Virginia bluebells April 2019 Wildflower of the month

Virginia Bluebell, Virginia cowslip (Mertensia virginica)

by Helen Hamilton,  John Clayton Chapter

Virginia Bluebell is a beautiful spring wildflower that produces funnel-form pendant flowers beginning as pink but then turn blue as the flowers open. They are pollinated by bees that are large enough to push their way up the tube, and more commonly by butterflies and moths.

This native perennial is a spring ephemeral – the leaves first appear in March as deep purple, quickly turning green. They are large, 2-8 inches long and somewhat fragile as the stems are nearly hollow. Clumps grow up to 2 feet tall and go dormant by early summer after the flowers fade and seeds are formed. With no remnants of the plant remaining, it’s easy to assume it is gone, making the mistake of digging and planting in the same location. Installation of other shade-loving perennials should be done while the plant is still visible. A stunning combination for the spring is with yellow daffodils and pink tulips. Native ferns, Solomon’s Seal, trillium, and Foam Flower would work well also.

It’s difficult to move these beautiful plants. Small seedlings can be transplanted, but they will take several years to bloom. Mature plants have a long taproot and once established, they don’t like to be moved. If necessary larger plants can be moved when dormant, into areas with abundant moisture. Bluebells have few pests and deer don’t bother them.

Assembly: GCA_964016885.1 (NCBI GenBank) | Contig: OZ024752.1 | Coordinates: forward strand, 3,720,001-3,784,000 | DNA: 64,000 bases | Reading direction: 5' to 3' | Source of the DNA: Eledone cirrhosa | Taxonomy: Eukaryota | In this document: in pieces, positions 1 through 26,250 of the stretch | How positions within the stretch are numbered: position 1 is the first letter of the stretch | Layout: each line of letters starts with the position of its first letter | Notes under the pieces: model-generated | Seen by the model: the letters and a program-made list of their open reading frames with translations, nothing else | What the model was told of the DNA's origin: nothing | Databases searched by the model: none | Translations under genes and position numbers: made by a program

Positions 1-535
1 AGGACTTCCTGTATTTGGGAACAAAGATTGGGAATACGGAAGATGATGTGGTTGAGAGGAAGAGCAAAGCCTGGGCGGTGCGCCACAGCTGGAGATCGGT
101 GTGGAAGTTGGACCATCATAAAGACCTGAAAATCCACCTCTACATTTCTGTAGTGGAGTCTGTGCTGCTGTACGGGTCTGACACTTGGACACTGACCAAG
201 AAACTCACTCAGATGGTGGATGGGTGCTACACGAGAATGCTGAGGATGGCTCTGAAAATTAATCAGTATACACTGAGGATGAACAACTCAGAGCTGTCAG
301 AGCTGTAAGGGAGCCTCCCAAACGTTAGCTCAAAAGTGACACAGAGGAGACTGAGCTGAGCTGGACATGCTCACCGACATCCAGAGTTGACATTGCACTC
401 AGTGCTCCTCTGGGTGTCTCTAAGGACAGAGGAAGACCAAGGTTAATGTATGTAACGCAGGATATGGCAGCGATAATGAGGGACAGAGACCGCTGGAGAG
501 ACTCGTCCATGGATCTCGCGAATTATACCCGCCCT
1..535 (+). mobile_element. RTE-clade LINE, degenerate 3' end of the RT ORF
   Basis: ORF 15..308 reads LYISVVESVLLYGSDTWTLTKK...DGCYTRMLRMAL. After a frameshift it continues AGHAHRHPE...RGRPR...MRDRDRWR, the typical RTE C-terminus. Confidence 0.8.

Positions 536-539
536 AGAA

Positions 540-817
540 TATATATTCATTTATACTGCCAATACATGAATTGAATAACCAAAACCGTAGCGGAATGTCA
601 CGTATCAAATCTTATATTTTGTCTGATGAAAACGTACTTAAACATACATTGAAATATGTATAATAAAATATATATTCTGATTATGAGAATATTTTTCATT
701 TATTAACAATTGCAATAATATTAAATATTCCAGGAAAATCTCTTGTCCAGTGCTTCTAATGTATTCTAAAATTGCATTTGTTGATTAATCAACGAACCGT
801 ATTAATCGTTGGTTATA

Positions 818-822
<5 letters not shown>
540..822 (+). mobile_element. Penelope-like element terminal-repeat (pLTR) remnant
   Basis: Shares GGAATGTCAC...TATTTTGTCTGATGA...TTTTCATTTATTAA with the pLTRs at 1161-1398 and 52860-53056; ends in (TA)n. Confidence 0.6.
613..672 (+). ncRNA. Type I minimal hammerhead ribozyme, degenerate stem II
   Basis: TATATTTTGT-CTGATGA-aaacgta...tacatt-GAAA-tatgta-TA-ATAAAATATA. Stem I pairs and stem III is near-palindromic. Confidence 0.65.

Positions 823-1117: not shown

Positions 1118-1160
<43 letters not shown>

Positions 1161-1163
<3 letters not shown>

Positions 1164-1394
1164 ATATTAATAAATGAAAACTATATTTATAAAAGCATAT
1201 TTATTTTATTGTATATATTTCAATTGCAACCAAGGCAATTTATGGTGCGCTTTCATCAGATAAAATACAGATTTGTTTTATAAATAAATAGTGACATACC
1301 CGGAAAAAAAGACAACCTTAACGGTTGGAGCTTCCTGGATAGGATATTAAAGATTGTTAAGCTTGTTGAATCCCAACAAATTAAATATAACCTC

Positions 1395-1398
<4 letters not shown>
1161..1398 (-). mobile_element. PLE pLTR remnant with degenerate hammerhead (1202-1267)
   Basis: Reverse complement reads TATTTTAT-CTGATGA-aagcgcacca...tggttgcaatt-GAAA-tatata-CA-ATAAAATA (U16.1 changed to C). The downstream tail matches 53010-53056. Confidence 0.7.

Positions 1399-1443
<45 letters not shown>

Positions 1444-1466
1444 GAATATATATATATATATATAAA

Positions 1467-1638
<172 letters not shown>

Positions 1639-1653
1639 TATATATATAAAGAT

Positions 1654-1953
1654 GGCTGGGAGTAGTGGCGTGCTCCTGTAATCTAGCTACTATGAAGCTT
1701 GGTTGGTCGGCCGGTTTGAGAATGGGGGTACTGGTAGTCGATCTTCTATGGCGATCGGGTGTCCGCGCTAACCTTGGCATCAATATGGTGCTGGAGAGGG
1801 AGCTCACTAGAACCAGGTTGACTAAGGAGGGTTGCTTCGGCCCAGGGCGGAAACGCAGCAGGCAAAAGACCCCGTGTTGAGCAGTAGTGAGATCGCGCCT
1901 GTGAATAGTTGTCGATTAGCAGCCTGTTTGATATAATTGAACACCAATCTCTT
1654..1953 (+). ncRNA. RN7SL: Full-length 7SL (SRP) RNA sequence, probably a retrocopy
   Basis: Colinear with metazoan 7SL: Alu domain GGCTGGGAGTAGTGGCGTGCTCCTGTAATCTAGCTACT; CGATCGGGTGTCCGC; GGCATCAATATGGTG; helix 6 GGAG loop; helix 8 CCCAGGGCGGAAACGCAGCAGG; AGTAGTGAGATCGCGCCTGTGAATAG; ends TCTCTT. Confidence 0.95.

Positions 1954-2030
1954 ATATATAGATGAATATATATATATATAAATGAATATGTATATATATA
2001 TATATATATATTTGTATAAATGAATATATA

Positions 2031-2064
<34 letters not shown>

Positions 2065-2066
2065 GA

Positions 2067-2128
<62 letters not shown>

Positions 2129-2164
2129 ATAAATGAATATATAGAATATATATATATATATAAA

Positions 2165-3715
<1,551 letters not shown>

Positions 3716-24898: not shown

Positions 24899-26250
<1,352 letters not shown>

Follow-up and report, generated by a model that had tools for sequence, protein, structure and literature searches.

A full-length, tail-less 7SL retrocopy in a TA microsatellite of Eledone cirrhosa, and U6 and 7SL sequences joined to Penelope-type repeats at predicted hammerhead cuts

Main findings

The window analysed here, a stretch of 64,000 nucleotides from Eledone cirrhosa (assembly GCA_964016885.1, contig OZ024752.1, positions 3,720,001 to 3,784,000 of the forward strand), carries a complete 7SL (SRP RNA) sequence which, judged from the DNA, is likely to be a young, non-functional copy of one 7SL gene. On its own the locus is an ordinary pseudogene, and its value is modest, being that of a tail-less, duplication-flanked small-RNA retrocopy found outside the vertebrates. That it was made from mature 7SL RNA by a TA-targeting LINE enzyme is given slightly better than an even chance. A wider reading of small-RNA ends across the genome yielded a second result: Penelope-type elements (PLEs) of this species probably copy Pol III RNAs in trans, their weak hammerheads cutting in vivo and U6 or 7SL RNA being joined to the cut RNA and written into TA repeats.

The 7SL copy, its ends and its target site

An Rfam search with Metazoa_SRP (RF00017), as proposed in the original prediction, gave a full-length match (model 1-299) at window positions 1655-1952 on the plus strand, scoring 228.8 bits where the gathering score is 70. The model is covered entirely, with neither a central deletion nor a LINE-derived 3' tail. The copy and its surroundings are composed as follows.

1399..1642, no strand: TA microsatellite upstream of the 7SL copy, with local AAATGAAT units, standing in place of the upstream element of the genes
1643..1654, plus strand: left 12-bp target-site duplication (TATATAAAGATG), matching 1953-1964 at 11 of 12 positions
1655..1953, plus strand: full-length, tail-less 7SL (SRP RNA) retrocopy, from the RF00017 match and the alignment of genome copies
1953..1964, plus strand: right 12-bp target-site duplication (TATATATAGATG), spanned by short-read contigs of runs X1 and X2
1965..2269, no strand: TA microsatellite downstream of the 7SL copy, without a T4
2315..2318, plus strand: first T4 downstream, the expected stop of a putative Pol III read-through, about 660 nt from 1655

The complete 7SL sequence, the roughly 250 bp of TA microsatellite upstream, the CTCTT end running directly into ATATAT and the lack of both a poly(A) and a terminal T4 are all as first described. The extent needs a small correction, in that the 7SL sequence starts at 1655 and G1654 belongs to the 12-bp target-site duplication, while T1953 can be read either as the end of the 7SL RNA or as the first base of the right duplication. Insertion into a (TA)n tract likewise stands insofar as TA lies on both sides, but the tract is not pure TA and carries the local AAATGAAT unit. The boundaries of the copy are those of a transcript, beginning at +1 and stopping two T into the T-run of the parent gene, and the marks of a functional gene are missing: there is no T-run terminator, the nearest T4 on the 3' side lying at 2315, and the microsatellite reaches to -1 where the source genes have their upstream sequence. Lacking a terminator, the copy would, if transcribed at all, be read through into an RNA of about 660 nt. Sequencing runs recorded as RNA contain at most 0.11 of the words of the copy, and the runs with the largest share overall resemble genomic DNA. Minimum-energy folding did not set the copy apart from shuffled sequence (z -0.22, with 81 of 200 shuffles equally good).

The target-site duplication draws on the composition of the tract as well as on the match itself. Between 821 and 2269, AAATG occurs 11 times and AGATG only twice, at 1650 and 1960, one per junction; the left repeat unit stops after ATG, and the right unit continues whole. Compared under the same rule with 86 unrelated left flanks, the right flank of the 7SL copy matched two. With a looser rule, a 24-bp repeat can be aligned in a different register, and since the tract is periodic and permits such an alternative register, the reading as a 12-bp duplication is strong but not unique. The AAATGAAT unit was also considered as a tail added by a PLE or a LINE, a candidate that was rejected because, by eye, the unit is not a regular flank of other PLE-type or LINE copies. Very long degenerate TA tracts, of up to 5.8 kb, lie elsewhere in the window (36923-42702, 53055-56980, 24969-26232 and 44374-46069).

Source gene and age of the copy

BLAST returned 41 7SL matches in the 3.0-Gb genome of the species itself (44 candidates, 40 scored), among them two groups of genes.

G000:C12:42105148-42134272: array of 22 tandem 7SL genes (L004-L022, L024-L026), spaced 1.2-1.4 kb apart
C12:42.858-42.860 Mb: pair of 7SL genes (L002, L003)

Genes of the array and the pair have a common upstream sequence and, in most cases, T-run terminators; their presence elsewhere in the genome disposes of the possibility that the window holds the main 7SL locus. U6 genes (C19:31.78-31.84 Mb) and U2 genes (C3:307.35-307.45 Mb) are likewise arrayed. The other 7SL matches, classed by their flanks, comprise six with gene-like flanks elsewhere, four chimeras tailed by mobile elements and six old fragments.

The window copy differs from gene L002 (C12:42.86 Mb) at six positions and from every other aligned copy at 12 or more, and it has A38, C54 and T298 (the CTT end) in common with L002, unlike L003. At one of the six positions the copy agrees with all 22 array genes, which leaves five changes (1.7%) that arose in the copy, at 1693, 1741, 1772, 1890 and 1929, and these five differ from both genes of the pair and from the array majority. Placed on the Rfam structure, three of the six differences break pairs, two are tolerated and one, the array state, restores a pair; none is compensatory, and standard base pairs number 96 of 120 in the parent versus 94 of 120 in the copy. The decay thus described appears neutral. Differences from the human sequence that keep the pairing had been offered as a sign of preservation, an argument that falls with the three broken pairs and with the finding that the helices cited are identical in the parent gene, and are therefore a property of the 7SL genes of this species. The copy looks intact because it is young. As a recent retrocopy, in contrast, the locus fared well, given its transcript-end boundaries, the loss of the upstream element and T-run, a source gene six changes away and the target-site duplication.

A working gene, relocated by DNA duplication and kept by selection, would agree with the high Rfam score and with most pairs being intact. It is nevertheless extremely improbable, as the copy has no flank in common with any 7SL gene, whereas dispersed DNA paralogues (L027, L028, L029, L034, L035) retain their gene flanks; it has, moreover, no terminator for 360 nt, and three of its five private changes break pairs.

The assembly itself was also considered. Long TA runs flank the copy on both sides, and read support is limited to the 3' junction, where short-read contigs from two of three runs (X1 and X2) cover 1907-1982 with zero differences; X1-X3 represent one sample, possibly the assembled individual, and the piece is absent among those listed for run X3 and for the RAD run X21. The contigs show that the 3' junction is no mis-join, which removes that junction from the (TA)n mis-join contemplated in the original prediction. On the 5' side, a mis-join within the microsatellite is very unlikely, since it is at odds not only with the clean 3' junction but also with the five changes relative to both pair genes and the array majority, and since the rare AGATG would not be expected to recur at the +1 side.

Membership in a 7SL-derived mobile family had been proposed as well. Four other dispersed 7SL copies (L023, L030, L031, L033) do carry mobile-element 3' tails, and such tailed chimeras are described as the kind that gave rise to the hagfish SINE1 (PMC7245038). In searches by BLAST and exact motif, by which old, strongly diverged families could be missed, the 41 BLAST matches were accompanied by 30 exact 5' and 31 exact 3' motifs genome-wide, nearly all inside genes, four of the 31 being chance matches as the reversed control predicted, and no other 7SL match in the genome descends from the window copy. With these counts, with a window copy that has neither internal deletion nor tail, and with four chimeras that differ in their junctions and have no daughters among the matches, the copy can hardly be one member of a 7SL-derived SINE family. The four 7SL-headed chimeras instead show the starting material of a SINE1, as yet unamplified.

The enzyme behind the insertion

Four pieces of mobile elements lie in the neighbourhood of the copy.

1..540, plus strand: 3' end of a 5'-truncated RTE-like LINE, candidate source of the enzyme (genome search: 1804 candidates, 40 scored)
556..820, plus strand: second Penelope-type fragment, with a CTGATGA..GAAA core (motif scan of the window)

The natural range of Virginia Bluebell is New York to Michigan, and south to Alabama and Missouri.  It is a plant of Virginia’s mountain and piedmont areas, rather than coastal regions, so it must be given a moist, shady environment.

Early on this lovely flower made the trip to Europe, where it quickly became a regular in English gardens.  William Robinson, writing in “The English Flower”:  “…handsomest of all is the Virginia cowslip.  It is a charming old garden plant, and one which unfortunately has never become common.”

The genus is named in honor of F.K. Mertens, a professor of botany at Bremen, and the species honors Virginia. 

Photo: Helen Hamilton